////////////////////Calor en eme3 : An extract cut and paste fragments from Martha Rosler essay published at E-Flux Journal //////Culture Class: Art, Creativity, Urbanism, Part 1 E-Flux Journal http://www.e-flux.com/journal/view/190///////////////////////////////////////////////////////////////////////////////////////////////////////////
Lefebvre’s emphasis on the city contradicted the orderliness of Le Corbusier, whom he charged with having failed to recognize that the street is the site of a living disorder, a place, in his words, to play and learn; it is a site of “the informative function, the symbolic function, the ludic function.”5 Lefebvre cites the observations of the foundational urban observer Jane Jacobs, and identifies the street itself, with its bustle and life, as the only security against violence and criminality. Finally, Lefebvre notes—soon after the events and discourses of May ‘68 in France—that revolution takes place in the street, creating a new order out of disorder.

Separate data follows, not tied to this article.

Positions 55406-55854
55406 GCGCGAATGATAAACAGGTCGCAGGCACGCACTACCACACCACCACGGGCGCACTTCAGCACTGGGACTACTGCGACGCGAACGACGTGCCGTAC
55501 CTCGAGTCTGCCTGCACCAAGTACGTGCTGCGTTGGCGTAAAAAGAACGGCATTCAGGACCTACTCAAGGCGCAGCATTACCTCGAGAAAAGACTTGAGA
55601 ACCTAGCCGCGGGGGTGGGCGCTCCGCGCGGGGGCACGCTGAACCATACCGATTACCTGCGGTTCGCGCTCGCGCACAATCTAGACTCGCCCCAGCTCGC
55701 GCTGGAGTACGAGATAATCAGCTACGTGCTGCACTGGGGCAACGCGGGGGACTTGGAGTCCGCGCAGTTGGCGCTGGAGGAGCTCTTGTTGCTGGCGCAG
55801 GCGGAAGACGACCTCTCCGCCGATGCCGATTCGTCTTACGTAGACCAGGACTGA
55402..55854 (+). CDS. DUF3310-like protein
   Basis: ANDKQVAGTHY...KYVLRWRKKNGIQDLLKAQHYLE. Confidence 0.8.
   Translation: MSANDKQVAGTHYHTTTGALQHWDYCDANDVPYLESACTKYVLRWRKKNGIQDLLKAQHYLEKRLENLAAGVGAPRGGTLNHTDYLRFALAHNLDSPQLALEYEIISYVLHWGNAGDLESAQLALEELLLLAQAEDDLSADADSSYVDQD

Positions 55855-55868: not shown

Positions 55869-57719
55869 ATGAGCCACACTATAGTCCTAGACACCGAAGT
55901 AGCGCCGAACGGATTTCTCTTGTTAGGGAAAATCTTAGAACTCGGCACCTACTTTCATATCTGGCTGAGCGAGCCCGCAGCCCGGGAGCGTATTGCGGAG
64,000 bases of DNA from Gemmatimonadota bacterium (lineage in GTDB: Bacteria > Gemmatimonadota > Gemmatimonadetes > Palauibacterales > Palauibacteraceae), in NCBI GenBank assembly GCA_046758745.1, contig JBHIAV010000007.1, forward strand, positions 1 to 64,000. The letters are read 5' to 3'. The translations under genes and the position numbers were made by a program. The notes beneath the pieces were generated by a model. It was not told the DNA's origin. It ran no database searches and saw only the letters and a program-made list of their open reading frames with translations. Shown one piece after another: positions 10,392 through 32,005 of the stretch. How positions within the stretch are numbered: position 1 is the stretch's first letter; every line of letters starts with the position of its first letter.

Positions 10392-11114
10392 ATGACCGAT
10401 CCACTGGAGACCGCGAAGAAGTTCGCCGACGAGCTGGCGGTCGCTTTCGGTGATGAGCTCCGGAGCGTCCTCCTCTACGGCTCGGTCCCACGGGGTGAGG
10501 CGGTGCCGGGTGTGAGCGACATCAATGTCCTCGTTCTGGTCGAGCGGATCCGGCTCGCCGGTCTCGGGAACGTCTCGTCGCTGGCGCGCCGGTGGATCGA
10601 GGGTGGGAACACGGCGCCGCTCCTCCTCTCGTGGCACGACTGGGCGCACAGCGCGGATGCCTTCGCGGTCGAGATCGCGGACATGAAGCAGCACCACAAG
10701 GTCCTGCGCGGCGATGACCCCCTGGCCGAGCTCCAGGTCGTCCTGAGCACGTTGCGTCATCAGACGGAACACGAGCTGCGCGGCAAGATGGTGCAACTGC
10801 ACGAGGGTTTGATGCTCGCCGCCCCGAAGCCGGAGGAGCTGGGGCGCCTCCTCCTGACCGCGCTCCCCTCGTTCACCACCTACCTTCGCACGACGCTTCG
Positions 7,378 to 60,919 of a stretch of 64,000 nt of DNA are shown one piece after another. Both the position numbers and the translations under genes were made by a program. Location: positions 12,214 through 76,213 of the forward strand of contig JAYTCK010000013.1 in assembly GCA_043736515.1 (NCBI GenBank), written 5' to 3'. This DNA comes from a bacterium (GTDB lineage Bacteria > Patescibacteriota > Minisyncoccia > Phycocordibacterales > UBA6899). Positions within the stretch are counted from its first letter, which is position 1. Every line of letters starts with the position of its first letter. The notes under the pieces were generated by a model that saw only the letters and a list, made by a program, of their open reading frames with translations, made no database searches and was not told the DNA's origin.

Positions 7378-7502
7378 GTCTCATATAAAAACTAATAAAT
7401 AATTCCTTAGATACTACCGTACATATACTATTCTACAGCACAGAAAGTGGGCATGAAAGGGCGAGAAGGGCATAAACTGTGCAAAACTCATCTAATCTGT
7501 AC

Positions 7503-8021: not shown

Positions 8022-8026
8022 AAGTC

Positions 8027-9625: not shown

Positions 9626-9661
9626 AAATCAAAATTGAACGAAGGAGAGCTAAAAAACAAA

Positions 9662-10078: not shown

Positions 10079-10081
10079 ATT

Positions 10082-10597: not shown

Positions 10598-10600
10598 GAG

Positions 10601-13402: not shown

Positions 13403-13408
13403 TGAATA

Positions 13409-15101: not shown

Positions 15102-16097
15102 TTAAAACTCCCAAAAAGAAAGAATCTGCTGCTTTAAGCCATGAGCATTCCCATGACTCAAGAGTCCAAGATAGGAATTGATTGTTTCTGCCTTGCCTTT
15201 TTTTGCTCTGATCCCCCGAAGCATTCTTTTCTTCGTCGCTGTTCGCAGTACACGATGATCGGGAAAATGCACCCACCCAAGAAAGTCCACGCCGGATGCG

The theoretical underpinning for a renovated cityscape came primarily from the earlier, utopian “millennial” and interwar designs of forward-looking, albeit totalizing, plans for remaking the built environment. It was not lost on the city poor that so-called urban renewal projects targeted their neighborhoods and the cultural traditions that enlivened them. Cities were being remade for the benefit of the middle and upper classes, and the destruction of the older neighborhoods—whether in the interest of commercial, civic, or other forces, such as enhanced mobility for trucks and private cars—extirpated the haunts of those beyond the reach of law and bourgeois proclivities, adversely affecting the lives and culture of the poorer residents. Martha Rosler, Culture Class: Art, Creativity, Urbanism, Part 1 E-Flux Journal http://www.e-flux.com/journal/view/190
Escuela de Calor , referencia al titulo de la cancion de Radio Futura, a la letra, ( arde la calle al sol del poniente..) continuando con la postura de buscar y re-interpretar a varios "maestros" grecolatinos, desde Diogenes, Socrates, Aristoteles a Joseph Jacotot o Jaques Ranciere.........